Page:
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Astron. Astrophys. 327, 689-698 (1997)

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3. Results

We show in Fig. 1 the spectra at the nebula center for all the observed molecular transitions. The adopted coordinates for the central position are: (B1950) 07:39:59.0, -14:35:41. We see that, except for [FORMULA], the line profiles are similar, with a relatively narrow component (between [FORMULA] 10-55 km s-1 LSR) centered at [FORMULA] 33 km s-1 LSR that dominates the emission, and two weaker wings. The central spectral component arises from the central compact condensation while the wings, that reach very high velocities, arise from the nebula lobes. [FORMULA], contrarily, shows a flat line profile between [FORMULA] -30 and +80 km s-1 LSR, the emission from the wings in this velocity range being as intense as the central spectral component. We can see in this spectrum a feature between -80 and -30 km s-1 LSR also visible at other adjacent positions (see below).

[FIGURE] Fig. 1. Central position spectra of the molecular transitions observed in OH 231.8 in units of main-beam temperature and projected velocity (LSR).

In Fig. 2 we can see the spatial distribution of the 12 CO J =2-1 velocity integrated intensity from OH 231.8. A sketch of the source appearance at optical wavelengths, the beam half-maximum contour and the observed positions are also represented in this figure. The total deconvolved extent along the nebula symmetry axis is about [FORMULA], comparable to that of the optical image. In the right panels we see the spectra of this line in representative points along the axis. Note that the quality of the 12 CO J =2-1 map of our first observations (Alcolea et al. 1996) has been improved by adding the data of a second observing period.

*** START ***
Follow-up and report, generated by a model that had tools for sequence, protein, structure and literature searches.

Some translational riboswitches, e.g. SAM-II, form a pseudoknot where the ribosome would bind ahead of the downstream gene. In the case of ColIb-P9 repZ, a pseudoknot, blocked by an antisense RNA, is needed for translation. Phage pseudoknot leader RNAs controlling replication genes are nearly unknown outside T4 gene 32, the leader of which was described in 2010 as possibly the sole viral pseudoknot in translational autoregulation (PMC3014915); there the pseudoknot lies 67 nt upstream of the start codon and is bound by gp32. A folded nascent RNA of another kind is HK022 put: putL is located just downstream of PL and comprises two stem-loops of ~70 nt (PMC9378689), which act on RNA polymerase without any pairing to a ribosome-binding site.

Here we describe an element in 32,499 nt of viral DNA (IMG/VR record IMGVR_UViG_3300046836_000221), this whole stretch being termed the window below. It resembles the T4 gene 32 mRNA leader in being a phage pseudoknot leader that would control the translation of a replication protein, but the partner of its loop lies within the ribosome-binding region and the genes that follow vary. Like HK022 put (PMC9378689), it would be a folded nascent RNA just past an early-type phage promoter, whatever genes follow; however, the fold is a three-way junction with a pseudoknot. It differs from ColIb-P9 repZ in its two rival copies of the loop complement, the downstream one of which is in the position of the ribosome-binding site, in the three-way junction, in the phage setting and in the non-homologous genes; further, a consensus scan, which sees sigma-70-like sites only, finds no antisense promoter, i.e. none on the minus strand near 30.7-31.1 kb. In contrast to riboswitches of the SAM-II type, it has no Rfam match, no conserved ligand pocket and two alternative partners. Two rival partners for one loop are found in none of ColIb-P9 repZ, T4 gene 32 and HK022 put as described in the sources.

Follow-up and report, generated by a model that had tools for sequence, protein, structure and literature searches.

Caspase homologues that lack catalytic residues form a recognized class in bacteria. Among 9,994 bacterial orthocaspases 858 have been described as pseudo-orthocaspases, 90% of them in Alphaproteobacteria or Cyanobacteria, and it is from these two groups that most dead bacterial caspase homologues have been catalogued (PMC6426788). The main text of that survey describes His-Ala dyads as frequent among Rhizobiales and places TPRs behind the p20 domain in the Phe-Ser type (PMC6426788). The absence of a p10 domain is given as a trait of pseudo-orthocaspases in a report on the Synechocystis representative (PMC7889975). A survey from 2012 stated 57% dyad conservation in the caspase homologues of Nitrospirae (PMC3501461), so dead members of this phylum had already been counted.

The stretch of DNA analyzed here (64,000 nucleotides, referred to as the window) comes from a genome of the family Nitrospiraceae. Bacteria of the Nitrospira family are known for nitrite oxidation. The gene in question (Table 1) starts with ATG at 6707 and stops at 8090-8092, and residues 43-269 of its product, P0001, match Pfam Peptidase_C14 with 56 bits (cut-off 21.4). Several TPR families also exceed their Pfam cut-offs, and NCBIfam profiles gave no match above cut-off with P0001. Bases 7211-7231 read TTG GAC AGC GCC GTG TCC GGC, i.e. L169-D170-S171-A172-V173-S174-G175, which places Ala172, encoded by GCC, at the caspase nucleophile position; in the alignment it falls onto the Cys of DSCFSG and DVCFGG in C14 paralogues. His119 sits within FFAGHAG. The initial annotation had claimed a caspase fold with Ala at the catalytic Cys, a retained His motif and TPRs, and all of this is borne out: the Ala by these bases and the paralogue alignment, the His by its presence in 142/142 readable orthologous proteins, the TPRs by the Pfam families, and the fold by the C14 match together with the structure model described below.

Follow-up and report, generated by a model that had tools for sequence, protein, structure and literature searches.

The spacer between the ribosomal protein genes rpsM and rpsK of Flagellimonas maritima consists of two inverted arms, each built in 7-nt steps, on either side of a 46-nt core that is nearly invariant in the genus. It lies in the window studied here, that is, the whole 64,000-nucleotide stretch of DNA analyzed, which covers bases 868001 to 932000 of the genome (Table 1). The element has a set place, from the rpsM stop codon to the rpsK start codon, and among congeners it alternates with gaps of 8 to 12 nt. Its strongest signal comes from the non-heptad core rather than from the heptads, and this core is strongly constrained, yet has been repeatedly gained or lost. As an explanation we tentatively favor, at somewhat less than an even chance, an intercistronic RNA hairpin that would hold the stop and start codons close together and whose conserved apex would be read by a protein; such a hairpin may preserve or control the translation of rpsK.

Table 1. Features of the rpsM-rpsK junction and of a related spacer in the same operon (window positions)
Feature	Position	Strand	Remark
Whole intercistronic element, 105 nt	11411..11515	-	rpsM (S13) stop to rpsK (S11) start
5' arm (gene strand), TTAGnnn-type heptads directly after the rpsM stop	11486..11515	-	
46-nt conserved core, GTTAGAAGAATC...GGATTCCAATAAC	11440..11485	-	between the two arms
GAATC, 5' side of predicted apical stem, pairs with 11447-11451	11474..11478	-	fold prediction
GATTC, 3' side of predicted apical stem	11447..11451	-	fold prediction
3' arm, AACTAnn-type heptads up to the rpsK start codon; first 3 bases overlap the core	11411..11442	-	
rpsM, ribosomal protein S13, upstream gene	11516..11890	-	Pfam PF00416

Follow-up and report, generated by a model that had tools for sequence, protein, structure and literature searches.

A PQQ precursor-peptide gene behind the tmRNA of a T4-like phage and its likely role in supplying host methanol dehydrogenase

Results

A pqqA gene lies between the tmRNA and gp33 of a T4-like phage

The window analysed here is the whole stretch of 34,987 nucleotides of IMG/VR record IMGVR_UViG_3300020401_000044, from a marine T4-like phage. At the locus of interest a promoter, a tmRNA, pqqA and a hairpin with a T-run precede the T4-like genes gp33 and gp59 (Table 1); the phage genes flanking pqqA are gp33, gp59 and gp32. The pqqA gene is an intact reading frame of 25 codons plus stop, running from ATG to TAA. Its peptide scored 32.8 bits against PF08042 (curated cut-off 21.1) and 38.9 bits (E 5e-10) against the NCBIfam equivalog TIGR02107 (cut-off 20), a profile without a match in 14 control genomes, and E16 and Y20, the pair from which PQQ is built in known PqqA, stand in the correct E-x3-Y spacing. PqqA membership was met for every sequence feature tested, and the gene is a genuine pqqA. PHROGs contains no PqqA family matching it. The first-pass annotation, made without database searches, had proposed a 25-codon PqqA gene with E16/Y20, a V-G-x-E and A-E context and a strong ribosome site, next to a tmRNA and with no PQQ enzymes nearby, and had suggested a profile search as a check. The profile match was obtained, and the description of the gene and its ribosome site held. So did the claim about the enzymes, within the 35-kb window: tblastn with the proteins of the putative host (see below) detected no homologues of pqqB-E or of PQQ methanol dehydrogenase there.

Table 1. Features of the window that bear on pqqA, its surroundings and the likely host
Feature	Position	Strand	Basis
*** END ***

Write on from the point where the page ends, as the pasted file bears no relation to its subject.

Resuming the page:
[FIGURE] Fig. 2. Map of the integrated intensity of the 12 CO J =2-1 line and spectra for selected points along the symmetry axis. For the spectra, east and north offsets are indicated within square brackets. Contours are 2, 3, 4, 5 and 10 to 90 by 10% of the maximum (219 K km s-1). The observed points are indicated with small crosses, the encircled ones are the positions for which the spectra are shown. The beam size and a sketch of the source in the visible is also shown in light grey. Central coordinates: (B1950) 07:39:59.0, -14:35:41.